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Here you will find scattered pictures from my point and shoot camera, random thoughts from my little world, treasured memories of days gone by, hopeful dreams of the days yet to come, and a bunch of ideas - because I've always got ideas!

Thursday, November 03, 2011

Last Week Thursday - Lake Geneva, Wisconsin

My wonderful Wisconsin cousin Sue took us to the beautiful town of Lake Geneva on Thursday.
Lunch was at a restaurant that served the most fabulous butternut squash soup. Someday I'm going to make this. It was unforgettable.
Enjoy the pictures! And really, you should go to Lake Geneva someday.
Oh, and since I can no longer get the words to line up with the pictures - I'll ask up here, does anyone know what those cabbage-y looking plants are in the last picture?


Anonymous said...

yes. I know, they are cabbages! Sierkool, they are called in the Netherlands, meaning cabbages for the show, for looking at. They are a form and colour of cabbage that does not conform to eating cabbages looks and tastes. I am told, but it is hearsay and from hearsay one lies a lot, that they are forms of kale, boorcole. Just like kale the most low leafs are picked and picked, till you get the trunklike plant with the spreaded head. In Northeast Fryslan German part they call their kales lovingly "the palm of the North" because of the picking low leafs over a period of time which just makes them look like palms. Maybe there are pictures on the net of these so-called palms. They last very long and can endure some frost. You can show your grandchildren where food comes from next year by buying a few baby kales and putting them in the ornamental garden, three of them planted in a triangle take the room of a good sized peonie and should give lots of watching and pickings for a small meal, Dutch style, cook the kaleleaves and potatoes, a little less weight of kale (f.i. just to show 5 leaves and 6 to 7 medium potatoes) mash together with a splurt of hot milk and some fat (larder, margarine) and present with smoked sausages. Look for the recipe of: stamppot boerenkool (and worst) translated in English. Together with peasoup it is most often mentioned as a typical Dutch meal, most other countries serve kale separatedly. Enjoy the cabbages in which ever way you prefer. Btw do you know Amarillys, the longstalked big flower on a bulb? That is a marvelous plant to watch with the children grow, funnier if you place a selfmade growing chart with it.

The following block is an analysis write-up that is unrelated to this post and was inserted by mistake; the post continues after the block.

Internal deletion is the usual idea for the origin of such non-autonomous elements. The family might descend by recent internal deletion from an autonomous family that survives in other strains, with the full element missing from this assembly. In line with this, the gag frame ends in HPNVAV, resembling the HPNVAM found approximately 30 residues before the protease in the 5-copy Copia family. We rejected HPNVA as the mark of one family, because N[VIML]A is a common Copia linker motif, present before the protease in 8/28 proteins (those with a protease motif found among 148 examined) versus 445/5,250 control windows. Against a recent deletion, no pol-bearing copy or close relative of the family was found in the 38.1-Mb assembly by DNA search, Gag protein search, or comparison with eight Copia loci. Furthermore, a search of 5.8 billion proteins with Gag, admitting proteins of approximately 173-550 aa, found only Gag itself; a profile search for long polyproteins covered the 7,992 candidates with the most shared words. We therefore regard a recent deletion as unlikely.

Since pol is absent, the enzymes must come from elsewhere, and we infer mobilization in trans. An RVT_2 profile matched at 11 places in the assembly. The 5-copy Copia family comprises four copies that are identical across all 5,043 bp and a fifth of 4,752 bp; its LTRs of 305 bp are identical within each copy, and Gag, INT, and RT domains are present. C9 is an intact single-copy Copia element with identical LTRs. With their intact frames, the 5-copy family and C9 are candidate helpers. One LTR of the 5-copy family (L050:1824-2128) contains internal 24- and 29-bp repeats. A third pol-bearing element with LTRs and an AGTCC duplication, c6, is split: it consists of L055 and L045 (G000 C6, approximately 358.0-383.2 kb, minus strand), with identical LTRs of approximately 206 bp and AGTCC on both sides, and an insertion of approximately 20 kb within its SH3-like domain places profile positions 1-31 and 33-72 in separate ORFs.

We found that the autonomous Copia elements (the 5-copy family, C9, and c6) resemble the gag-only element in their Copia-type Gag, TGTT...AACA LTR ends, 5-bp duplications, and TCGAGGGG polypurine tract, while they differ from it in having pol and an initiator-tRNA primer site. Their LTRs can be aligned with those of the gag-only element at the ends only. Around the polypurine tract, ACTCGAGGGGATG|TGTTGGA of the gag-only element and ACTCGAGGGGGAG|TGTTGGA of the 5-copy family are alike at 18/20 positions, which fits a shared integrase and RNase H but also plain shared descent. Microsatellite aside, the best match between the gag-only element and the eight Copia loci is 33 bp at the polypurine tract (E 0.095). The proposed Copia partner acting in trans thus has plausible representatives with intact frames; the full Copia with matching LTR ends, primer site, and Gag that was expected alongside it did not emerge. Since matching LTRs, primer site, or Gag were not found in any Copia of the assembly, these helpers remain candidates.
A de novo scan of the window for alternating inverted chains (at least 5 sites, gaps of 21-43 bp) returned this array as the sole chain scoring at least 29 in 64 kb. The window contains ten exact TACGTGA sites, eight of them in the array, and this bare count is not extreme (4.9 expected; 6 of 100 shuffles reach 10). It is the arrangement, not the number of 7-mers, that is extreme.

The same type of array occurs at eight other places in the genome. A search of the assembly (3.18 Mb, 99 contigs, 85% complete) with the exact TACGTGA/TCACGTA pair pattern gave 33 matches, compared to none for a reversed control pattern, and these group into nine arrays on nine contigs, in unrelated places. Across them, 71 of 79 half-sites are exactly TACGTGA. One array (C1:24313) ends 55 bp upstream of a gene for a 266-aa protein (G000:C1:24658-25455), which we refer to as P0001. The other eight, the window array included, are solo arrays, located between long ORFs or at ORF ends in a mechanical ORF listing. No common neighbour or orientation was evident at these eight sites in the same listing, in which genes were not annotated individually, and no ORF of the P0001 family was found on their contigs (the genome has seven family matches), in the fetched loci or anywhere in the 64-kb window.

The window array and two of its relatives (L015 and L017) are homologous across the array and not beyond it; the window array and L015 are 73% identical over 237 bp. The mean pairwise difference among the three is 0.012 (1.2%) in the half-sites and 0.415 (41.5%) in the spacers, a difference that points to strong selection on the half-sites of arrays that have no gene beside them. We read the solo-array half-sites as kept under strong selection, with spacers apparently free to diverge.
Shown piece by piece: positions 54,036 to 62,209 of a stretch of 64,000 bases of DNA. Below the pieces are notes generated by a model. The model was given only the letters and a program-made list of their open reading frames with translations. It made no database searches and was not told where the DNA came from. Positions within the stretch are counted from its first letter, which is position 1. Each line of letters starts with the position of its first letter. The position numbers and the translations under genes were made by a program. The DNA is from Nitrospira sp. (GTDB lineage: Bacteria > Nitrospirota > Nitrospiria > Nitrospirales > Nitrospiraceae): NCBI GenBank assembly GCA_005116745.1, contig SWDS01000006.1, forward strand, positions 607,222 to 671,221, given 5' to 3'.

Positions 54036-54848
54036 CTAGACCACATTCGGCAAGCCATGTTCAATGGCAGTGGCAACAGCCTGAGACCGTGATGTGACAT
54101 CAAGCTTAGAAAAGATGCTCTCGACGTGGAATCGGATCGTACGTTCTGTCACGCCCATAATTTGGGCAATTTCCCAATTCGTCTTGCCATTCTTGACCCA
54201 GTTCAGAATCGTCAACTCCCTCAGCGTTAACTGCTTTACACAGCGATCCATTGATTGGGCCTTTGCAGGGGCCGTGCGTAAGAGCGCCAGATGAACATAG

Judy said...

Thank you my Dutch friend!
And all those foods are familiar to me!

daisymarie said...

Beautiful pics. Love that piece your hub is looking at and I would love to see the inside of the stone house. Wow.

Mitzi said...

I call those Ornamental Kale. They survive late into the winter. I once used the leaves to make a hat for a snowman. My husband and I lived in Elkhorn,Wisconsin when we were first married. All that area has really changed over the years.

Alice said...

Ahhh Geee, Butternut squash soup sounds sooo good. I used to make a fantastic Pumpkin soup, but since I can no longer partake, I do not make it anymore. (too temping to lick the spoon!)